This time the trains were ready - and most fans went by road or walked.

Passengers were outnumbered by security guards by three to one at Auckland's central Britomart train station as they prepared to travel to Eden Park for its second evening match of the Rugby World Cup.

There was such a drop-off in passengers, Rugby World Cup minister Murray McCully travelled almost alone in a carriage when he went by train to watch Australia take on Ireland.

The Herald on Sunday polled 100 fans as they turned up for the game and found a mere 22 took the train to Eden Park. Almost a third had changed their travel plans after the disastrous RWC opening night - this time, more than half came by road.


The poll matched official figures last night, which estimated 22,300 people (41 per cent of the crowd) used public transport to get to Eden Park.

The outcome was no repeat of the debacle which marred Auckland's opening night - the fallout leading to McCully wresting control of Party Central from Auckland Mayor Len Brown.

McCully and Brown did not travel together last night. McCully said he didn't know the mayor was travelling by train until "I got to the station".

He said he caught the train to see first-hand that cup preparations had worked. "No-one's going to forgive us if we end up with bad outcomes today."

However, Transport Minister Steven Joyce did arrive at Britomart with McCully. "It should have worked last week with the system in place. The difficulty last week was the lack of redundant capacity on the network in terms of additional buses and that's been fixed up this week."

McCully was reported yesterday as offering to resign as Rugby World Cup Minister if there was a repeat of opening night transport chaos - a pledge Labour's Trevor Mallard called "hollow". "There's no way we are going to see a crowd of 200,000 on the waterfront again."

Brown caught the train from Papakura to Britomart then to Kingsland. Dozens of well-wishers voiced their support for the mayor as he chatted with Ireland and Australia fans. Revising his catch phrase, he said: "Ireland and Australia are in the house."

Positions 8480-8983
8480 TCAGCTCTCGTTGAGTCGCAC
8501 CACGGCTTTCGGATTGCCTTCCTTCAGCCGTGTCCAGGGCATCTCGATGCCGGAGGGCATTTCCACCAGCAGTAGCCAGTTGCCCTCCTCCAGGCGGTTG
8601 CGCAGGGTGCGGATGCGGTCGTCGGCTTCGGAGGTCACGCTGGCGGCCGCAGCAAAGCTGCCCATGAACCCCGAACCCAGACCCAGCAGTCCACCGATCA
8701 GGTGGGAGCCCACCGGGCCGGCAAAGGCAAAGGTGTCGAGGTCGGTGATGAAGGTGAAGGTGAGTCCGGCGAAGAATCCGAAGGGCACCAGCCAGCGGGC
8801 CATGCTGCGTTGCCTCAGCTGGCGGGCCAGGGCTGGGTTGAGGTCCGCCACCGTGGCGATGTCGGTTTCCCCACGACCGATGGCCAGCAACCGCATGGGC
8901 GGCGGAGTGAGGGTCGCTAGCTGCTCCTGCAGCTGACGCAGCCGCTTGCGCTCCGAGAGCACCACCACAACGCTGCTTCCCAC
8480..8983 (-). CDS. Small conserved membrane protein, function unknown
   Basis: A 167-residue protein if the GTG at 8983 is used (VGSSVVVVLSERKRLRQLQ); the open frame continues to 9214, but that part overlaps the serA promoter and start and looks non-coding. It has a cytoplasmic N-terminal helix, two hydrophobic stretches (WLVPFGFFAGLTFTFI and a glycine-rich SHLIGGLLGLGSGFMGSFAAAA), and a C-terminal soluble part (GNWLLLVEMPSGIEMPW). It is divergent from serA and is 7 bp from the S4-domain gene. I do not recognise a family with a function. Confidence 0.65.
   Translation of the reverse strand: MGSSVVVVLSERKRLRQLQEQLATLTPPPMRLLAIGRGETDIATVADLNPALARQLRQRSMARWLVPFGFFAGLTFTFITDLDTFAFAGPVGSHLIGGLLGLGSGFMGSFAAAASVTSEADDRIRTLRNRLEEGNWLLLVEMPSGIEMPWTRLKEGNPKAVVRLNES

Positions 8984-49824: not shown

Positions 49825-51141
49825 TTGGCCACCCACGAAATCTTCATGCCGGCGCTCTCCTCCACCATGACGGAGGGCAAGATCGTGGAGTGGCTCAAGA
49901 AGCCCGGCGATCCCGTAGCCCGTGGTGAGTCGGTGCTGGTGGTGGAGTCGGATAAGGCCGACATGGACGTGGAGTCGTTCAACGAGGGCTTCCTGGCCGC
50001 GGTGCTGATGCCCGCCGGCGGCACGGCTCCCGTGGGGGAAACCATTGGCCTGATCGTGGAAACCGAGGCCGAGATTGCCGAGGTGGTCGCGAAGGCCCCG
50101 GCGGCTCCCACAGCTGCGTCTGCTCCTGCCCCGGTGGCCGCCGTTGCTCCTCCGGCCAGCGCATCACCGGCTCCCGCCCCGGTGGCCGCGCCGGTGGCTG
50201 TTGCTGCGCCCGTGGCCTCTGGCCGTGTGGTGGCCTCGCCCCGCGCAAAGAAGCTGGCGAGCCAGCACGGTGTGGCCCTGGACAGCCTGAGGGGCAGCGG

He brushed off suggestions his job was on the line after the opening night catastrophe - and said he wanted to focus on the positive aspects lying ahead.


At Kingsland station he was approached by Canadian tourist Dave Kiselbach, 50, who had no idea Brown was the mayor when he asked for travel advice.

The Vancouver cabinetmaker was given detailed rail advice on how to return to his Mangere hotel. Kiselbach said "I thought he was joking when he said he was the mayor."

Brown was coy about plans for an All Black victory parade should they win the final on October 23. He said the team had enough pressure. "We have got to let the All Blacks rock."

But Brown's adviser Phil Wilson staked out Auckland's claim on any celebrations. "We will take the lead with putting something appropriate together when it happens."

A possible return to the roads was anticipated by some with Westfield St Lukes mall offering parking for $10 a spot. A resident living near the stadium was also attempting to sell parking on Trade Me for $50 in his driveway.

Brothers Hayden Chapman, 29, and Jeremy Chapman, 34, praised the Queen's Wharf fan zone The Cloud. They watched the South Africa v Fiji match before catching the train to Eden Park.

"It's awesome down here. There's no queues, you can walk straight up to the vendors and the prices are good too. It's what I'd call Hamilton prices," Chapman said.

Overall the fans were happy with the transport to the game. Michele McMahon, 39, from Takapuna walked the fan trail to Eden Park.

"They haven't advertised the fan trail well enough. It's excellent. It's the only way to get there. It was no stress and there were lots of toilets and food."

Mike Todd, from Ellerslie, took the train last week and "it was just bedlam". "I would have liked to come by train but didn't want to after last week's problems."